The least possible evidence that someone has believed the Gospel [which literally means “good news”] of Jesus is that they center their lives upon trying to get people to show up to something in order to hear a verbal presentation of this Gospel.
Acknowledging that reality is important when phrases like “just preach the Gospel” are being thrown around as “solutions” to injustices that exist.
It’s fascinating when you begin to explore what this “good news” actually is, why it matters, and what it actually means to believe in it.
To do that, you have to consider and start with the entire narrative of Scripture.
The God we read about in the Bible is the one who created us by sending His very breath into us. This God is the one who became human in order to enter into humanity to live with us. This God is the one who sent His Spirit to now live within each of us. And this God is the one who will not “bring us up into heaven” but instead has been bringing heaven to earth this whole time and eventually will redeem or recreate earth and heaven fully.
This is the God of incarnation. And that’s good news!
Because incarnation is not just some fancy theological word. It is essential to the nature of who God is, and it means that God is always “getting to us.”
Most Christians will tell you that the Scripture teaches that we can’t get to God. And whether that is true or not is almost beside the point. Because the nature of God never allows for that instance to exist. Just because of who He is, He is always “getting to us.”
This God of incarnation is the God of every day life. Of showing up when and where we are. Of managing to meet us in our mess and not expecting us to clean up our mess to get to Him – or more correct, clean it up before He can get to us.
The truth is this: too much of this history of the Church has miscommunicated this reality.
Not necessarily through words. But certainly through actions.
The Church has most consistently taught with its actions that we do not actually believe complete incarnation to be the trajectory of the Scriptures and the very nature of God.
Instead, it has been communicated through actions that the center of the Christian life is a weekly gathering, for a specified period of time, in a facility that is owned or rented, that we should be trying to get everyone to show up to. And that this is (incompletely) called “church.”
Which communicates that this is a necessary and important outcome of the Gospel.
But is it?
This isn’t actually a question about whether or not gathering should happen. It will happen as a natural outcome of being made in the image of God, and of being “the church.”
It is a question about what the place of gathering is: What is its actual role? How much of our focus does it deserve (especially since it seemed to get so little of the God of the Bible’s attention while He was here on earth)? How much impetus should we place on it (when it seems to be described as a small part of the overall lifestyle of the Church in Acts done in mostly normal, everyday sorts of ways)?
There will be those who get upset at this attempt to take incarnation to its full implications. To “work it out” beyond the least possible evidence of it, to a mature understanding of its inworking and outworking in our lives.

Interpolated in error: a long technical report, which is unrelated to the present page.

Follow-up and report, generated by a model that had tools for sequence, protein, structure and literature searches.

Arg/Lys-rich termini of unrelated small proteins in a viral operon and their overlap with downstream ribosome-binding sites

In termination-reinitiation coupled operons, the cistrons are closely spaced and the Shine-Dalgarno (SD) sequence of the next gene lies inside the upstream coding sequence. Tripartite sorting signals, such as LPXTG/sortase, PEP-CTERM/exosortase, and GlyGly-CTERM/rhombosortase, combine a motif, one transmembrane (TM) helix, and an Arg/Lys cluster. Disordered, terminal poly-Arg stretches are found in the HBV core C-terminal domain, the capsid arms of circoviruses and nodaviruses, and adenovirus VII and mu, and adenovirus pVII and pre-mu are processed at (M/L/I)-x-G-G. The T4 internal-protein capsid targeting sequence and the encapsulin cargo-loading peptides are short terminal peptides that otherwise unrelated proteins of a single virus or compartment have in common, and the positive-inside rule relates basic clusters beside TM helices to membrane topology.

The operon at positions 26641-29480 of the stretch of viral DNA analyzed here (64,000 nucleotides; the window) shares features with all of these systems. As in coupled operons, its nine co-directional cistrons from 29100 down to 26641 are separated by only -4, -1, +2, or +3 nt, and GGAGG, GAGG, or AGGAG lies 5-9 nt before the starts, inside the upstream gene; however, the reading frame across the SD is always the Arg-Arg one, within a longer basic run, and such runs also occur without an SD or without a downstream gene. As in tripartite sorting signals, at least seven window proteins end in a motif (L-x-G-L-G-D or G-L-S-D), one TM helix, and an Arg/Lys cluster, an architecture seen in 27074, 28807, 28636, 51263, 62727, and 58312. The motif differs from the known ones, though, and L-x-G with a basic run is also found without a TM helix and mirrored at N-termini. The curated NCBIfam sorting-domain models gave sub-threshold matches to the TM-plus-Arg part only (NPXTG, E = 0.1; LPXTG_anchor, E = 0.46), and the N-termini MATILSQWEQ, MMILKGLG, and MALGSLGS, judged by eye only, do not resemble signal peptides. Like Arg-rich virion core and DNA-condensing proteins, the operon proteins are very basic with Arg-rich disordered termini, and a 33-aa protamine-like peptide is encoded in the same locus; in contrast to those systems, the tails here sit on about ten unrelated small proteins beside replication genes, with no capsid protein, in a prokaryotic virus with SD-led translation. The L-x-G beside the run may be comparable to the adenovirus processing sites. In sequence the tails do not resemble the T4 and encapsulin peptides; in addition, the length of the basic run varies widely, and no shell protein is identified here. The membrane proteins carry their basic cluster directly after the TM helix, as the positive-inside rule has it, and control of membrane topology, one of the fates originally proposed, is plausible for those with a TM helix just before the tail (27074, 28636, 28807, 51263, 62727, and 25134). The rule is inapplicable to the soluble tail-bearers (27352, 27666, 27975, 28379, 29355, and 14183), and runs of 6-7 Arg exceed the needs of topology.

Many of those who may become upset will be religious professionals or dedicated “church goers” (as “church” is being defined above).
But there is very little doubt what someone believes to be most important in their life if you just follow their actions, or their money, or their time. No matter what their lips say. Jesus taught us this.
And if you follow those things in the functioning of almost every single “church” I know of, they will tell you that gathering people is the single most important thing “the church” does. It’s honestly not even close. Somewhere between 75-90% of almost every church’s actions, money, and time spent is on gathering people.
Facilities are built around it. Staff are hired around it. Programs are run around it. And schedules are created around it. Whether it is getting people to show up or what happens once they do, by the actions of all involved (myself included for much of my “ministry life”) we have communicated what we believe is most central to “the Church” and thus to “the Gospel.”
Now here me loud and clear: gathering is important.
But we rightfully should ask what its importance is and are we rightfully placing it in the correct spot in importance level.
And we should rightfully acknowledge that gathering is the least possible evidence of our internalizing of the presence of God (incarnation being essential to who He is) into our lives.
Actively treating gathering as the most central aspect of the life of the Christian ultimately runs contrary to what we read in the Scriptures. The Gospel of incarnation, as displayed perfectly by Jesus (God incarnate), does not centralize gathering people.
And that must start to be said loud and clear if we are to reclaim the Gospel fully again – the literal good news of God for the entire world.
We must lament the reality that we have believed the Gospel only in part. Only in its most basic, elementary form. And thus we have placed gathering as the most important part of our Christian lives.
And so I join together with all those willing to acknowledge this, and look to Jesus once more as our guide to imaging God in this world. In doing so, may we fully reflect to the world “God with us” this Advent.